And Apple doesn’t do a ton to work with known systems like CVSS. In the end, I think we all need to remember software is written by human beings which means it's fallible. We can't let down our guard.
Laura: To me, Log4Shell which became Log4j was the scariest. Though it actually dropped on Dec. 29 of 2021, it was worrisome because it was so prevalent.
Log4j was a vulnerability in the Apache library. It was a zero-day situation, but also everyone uses that library. Also, everyone’s third-party apps and people in their supply chain could also be using that library. It was clearly a huge deal as there were a ton of online threads, people were talking about it. But it took a really long time before anyone discussed actually patching it.
Log4j interrupted the supply chain. Plus, it was ubiquitous across the industry. We’ll likely see more vulnerabilities like Log4j because it was really prevalent in the cloud and in apps. That makes it all the more troubling.
Dustin: One of the scariest CVEs for me was Microsoft Exchange on-prem. It still hasn’t stopped. Even in the last 30 days there was a new one. And we still don’t have a patch. Will they release the patch next Tuesday or will they release out of band?
Sometimes it seems like all we can do is hold down the fort as best we can and hope that whoever’s exploiting these attacks doesn’t shine their light on us. But you can’t just patch the device. Even with the mitigations Microsoft put out, you still have to go in an change configurations beyond their mitigations, otherwise you’re still vulnerable.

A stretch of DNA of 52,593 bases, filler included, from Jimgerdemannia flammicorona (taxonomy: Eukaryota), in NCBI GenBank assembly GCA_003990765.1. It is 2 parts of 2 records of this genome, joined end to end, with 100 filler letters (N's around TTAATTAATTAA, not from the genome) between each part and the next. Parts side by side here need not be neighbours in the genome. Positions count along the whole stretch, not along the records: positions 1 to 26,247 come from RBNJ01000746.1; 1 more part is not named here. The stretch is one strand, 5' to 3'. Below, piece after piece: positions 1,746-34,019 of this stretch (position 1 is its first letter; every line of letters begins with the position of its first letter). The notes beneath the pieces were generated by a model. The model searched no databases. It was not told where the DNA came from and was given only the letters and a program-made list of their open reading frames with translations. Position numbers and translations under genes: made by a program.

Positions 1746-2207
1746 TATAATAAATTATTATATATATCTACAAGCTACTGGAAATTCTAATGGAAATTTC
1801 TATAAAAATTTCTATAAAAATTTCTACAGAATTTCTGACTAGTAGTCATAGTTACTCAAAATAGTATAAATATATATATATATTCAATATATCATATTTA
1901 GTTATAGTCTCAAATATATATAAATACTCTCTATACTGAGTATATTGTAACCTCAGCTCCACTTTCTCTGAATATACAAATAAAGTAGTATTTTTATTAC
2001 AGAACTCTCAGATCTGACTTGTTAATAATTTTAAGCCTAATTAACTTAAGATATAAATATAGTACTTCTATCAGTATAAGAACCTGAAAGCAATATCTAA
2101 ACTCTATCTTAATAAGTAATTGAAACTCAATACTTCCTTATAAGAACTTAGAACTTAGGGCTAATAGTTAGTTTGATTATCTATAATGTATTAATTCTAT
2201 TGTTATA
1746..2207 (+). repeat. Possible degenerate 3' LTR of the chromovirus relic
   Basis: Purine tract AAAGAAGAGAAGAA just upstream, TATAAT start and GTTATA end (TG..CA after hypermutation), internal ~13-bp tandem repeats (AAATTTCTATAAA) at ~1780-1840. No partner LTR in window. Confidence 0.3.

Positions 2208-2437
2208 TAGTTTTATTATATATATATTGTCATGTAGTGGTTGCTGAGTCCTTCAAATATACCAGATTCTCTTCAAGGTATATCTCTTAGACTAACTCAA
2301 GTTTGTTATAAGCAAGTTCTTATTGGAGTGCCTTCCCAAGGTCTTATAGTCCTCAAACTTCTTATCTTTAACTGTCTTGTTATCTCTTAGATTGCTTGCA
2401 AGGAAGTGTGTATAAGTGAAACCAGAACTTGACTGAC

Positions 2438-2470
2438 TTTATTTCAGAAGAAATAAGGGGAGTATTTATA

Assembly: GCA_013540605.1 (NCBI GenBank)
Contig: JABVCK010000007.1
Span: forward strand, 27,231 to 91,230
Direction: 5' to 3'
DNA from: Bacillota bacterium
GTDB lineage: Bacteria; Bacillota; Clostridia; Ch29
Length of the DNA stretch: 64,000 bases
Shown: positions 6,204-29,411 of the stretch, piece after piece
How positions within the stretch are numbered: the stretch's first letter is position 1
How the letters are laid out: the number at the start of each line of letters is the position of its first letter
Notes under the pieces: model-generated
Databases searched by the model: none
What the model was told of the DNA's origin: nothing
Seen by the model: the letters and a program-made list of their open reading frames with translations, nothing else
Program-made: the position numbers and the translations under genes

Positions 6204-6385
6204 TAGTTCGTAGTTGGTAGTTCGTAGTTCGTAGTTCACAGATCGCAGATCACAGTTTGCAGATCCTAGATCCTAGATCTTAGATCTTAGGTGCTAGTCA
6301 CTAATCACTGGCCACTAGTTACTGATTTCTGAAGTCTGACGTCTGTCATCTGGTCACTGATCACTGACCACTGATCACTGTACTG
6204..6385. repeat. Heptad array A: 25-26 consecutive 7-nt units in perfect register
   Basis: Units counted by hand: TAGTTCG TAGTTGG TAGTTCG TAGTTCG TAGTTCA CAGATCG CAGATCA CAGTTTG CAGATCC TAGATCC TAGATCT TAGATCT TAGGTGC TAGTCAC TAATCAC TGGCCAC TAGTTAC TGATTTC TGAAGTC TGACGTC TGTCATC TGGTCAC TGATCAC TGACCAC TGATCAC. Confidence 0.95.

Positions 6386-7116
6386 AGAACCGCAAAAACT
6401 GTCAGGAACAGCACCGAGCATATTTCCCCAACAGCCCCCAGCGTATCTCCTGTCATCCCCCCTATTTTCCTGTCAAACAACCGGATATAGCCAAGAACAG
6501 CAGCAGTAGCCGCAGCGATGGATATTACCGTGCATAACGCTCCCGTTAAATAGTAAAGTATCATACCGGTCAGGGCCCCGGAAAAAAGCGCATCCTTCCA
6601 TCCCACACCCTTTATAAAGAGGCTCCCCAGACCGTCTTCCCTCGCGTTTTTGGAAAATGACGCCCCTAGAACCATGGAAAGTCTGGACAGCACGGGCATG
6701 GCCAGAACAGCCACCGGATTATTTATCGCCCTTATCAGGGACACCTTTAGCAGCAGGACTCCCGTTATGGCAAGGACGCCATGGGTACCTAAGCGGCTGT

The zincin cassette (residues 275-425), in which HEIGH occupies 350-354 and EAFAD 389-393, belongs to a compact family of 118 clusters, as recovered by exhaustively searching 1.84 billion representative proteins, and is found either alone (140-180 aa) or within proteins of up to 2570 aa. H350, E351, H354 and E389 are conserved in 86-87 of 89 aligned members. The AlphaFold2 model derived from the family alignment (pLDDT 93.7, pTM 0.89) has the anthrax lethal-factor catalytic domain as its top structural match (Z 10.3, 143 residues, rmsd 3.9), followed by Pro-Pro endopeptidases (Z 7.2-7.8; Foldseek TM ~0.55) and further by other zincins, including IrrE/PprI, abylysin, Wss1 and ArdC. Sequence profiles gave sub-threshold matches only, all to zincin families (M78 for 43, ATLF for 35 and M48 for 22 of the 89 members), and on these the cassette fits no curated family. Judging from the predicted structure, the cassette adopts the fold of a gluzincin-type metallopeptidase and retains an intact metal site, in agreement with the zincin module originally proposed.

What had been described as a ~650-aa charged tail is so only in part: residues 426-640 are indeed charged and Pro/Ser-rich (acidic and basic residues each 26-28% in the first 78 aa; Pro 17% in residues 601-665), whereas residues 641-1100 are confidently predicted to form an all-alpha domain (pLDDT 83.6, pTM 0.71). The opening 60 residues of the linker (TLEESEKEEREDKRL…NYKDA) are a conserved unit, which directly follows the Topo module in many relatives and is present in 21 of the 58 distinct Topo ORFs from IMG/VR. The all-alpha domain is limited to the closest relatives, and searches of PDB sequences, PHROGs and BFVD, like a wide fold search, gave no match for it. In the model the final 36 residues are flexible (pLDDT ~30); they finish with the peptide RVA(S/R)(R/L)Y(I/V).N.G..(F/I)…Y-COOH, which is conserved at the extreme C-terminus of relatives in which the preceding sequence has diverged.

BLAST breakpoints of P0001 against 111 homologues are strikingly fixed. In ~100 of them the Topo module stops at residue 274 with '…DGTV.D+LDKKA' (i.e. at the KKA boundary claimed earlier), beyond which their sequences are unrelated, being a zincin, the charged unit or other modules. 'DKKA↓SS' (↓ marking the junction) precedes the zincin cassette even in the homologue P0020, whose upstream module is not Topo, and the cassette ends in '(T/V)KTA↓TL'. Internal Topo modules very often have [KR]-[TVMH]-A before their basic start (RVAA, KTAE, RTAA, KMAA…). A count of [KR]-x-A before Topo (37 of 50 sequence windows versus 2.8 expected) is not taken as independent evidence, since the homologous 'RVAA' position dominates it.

Automox: We think the scariest CVEs tend to drop at 4:28 pm on a Friday and leave something deep in the kernel. Suddenly, there are IT admins who’ve lost their entire weekend to these vulnerabilities. And sometimes it happens weekend after weekend.
But patches are being released off-band. And we do see weaponization happening in a matter of hours now, not days or months or longer. The speed with which these attacks occur is maybe what scares us the most.
See something? Say something.
At the end of the day, we need to follow our own good standards. If you’re affected, you need to share that with the cybersecurity community. And you have to follow the responsible process.
We don't want vendors to hide. We know they don’t want to advertise they’ve been hit, but that communication can lead to rapid response from the security community. We need to communicate and hold each other accountable because we really are stronger together.
We've also got to amp up our discovery to meet the increasing velocity of vulnerabilities. We can’t just wait for Patch Tuesdays. We need to continuously patch and remediate, as quickly as possible.
There’s a culture of safety where you can't penalize a vendor for announcing an error was made. If you announce a vulnerability, it’s an imperfection. But again, software isn't perfect. Vulnerabilities exist and vendors need to do right by their customers and report them. It’s called responsible disclosure and it can really help protect us all.
Here's another way to look at it: it's basic parenting to celebrate the failures. We can’t slap the hands of vendors who disclose. We need to encourage them to disclose. It's the most sure-fire way we've got to stay safe.
From Otto’s patch to yours... Happy Halloween!